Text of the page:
Customers won’t see beer signs on the walls of Murph & Mary’s Pub in Newton.
Instead, they’ll get a glimpse of owner Conor Fudge’s family history through a fish hook mounted on a muskie-shaped plaque, personalized drawings of the “Family Circus” comic strip and black-and-white photographs of his grandparents, whose namesakes serve as the inspiration for the bar itself.
“This is my grandmother when she was 16 in the ‘30s,” Fudge said, pointing to an old photograph he intends to blow up and post on the wall. “We have pictures of my family everywhere. I’m not going to have beer signs or that kind of stuff. I want it to be more of a traditional, local pub. It’s going to tell a story.”
Grandparents Richard “Dick” Murphy and Mary Agnes Murphy were born in the Chicago area in the 1920s and are second generation Irish-Americans. They moved to Newton in the early 1950s and adopted two children. Dick worked at Vernon Company until the late 1980s and Mary was an English teacher.
While working on the graphic arts team of the Vernon Company, Dick would frequently meet with artists like Bil Keane, who he formed a friendship with. Hence why Fudge will be putting framed “Family Circus” art on the walls of Murph & Mary’s. To this day Fudge still gets compliments about his grandpa.
“A lot of people come up to me and are like, ‘Oh! I miss your grandfather. I remember working with him,’” Fudge said. “And my grandma had her master’s in English and she was always making us recite poetry from memory as young children, which was a bit of a nightmare. But I’m happy about it now!”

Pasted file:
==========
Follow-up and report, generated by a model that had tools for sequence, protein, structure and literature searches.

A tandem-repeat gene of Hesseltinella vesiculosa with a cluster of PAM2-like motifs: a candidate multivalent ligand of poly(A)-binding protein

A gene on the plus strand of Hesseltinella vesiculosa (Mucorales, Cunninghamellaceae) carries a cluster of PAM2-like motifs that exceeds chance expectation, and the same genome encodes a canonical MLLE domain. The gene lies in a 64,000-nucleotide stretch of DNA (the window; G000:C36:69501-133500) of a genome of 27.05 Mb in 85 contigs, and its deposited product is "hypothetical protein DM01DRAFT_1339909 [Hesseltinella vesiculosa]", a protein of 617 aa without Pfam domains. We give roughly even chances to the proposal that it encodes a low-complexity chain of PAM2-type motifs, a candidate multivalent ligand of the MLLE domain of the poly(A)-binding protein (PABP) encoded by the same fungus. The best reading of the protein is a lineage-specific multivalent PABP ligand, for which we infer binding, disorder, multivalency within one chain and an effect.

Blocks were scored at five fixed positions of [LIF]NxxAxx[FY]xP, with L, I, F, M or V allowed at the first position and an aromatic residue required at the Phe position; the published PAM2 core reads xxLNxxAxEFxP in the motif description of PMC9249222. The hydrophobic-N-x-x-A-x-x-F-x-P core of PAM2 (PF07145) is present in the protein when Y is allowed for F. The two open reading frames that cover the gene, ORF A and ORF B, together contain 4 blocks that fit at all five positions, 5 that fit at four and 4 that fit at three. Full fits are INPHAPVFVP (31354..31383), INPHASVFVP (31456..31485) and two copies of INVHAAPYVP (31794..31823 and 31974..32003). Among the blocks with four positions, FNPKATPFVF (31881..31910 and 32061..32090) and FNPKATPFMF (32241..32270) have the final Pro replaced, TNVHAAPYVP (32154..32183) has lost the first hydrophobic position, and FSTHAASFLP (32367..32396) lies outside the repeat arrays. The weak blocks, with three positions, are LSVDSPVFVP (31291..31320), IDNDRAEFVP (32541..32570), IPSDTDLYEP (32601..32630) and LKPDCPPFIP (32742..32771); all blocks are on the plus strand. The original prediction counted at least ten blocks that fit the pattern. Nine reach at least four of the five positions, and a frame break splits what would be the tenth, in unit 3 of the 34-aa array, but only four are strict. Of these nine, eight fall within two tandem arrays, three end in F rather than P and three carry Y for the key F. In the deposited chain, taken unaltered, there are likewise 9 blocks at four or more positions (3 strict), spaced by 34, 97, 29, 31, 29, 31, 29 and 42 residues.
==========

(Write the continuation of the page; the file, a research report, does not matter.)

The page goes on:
The Murphys lived on West Ninth Street South in Newton. The couple led interesting lives. Dick was a World War II veteran who also went on to serve in nearly every branch of the military except for the Air Force. Fudge said his grandfather is the reason he joined the military.
“He was quick-witted and a little grumpy,” Fudge said with a laugh. “And his favorite term was ‘Humbug!’ Which is on the back of our shirts. Curmudgeon is a good word for my grandfather. He was curmudgeonly lovable. I love him.”
With a family history filling the pub with its own local — and personal — character, Fudge is excited to not only share his family’s story but also share his passions for craft beer and his love for Newton, and to just have a place where people can feel safe and commune.
“I think it’s going to be a really cool atmosphere and a fun time,” Fudge said.
MAKING A PUB THAT EVERYONE CAN EMBRACE
Murph & Mary’s Pub is setting itself up to be a community gathering place where families can enjoy a beer or a root beer while playing a board game and snacking on popcorn, or, eventually, wood-fired pizzas. Fudge envisions a warm and inviting space with live music, bingo, trivia nights and karaoke on the regular.
“I want to create a warm atmosphere where you can feel comfortable bringing your children in here and it’s not a crazy, rowdy pub,” Fudge said. “It’s a place where you can commune together with other people in this town. Having a beer, eat some good food and just hang out. In the summer we have this entire patio.”